A public campsite in Sai Kung West Country Park is suspected of having been occupied by some people for nearly a year, and the Agriculture, Fisheries and Conservation Department (AFCD), which is in charge of it, is being criticized for not doing its job.
In a video clip uploaded recently to a Facebook page called The Hiking Supplements, about 17 to 20 tents were seen in a corner of the Wan Tsai West Campsite on the west side of the park, the Hong Kong Economic Journal reports.
The tents look old with a lot of stuff around them, leading the person who posted the clip to suspect that they have been there for quite some time and some of them may have been set up for rental.
It is speculated that the tents are the same ones that were found at the other campsite in the park, Wan Tsai South Campsite, two years ago.
It is believed that the tents have been relocated to the current site after the AFCD closed the Wan Tsai SouthCampsite from November to December last year to conduct maintenance work.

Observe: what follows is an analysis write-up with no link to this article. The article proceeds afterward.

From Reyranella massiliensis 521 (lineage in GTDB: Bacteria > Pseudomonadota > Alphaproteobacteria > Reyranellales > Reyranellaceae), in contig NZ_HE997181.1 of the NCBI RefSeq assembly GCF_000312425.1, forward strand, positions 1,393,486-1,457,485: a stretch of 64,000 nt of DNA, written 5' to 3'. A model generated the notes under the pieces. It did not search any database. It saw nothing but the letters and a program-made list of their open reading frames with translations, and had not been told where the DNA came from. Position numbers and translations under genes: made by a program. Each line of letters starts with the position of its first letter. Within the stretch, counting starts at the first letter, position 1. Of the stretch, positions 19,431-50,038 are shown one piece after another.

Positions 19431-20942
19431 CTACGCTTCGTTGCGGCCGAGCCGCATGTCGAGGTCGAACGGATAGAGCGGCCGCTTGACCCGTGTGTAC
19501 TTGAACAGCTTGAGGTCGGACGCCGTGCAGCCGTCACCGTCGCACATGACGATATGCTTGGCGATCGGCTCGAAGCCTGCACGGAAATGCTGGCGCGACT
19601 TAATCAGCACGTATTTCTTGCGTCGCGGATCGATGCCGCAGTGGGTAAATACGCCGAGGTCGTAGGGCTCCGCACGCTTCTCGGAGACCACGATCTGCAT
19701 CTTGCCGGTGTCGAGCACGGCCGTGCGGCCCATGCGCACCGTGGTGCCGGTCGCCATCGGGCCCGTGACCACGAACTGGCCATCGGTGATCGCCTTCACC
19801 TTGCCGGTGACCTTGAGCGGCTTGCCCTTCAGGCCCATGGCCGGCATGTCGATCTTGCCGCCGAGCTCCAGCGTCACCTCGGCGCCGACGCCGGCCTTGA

Some netizens denounced the long-term occupants of the campsite for not giving other people the chance to use the facility and for creating a large amount of garbage.
However, there seems no way to stop them. The Country Parks and Special Areas Regulations do not stipulate how long campers are allowed to stay in a public campsite as long as their tents are set up in the designated areas.
The AFCD said it regularly sends staff to patrol country parks, including the campsites.
It admitted that some long-existing tents have been noticed at the Wan Tsai West Campsite since November.
But the department said there is still enough space for other campers at the site, adding that owners of those tents have not been found to be renting out their units or violating any rules.
Hahn Chu Hon-keung, director of environmental advocacy at The Green Earth, said the AFCD had once tried to tackle the problem of long-term occupation at the campsite but failed to persist with its efforts, leaving it still unresolved.
Dr. Man Chi-sum, a member of the Country and Marine Parks Board, does not think current regulations have any loopholes. But he said he will ask the board to look for ways to deal with the issue during its next meeting.
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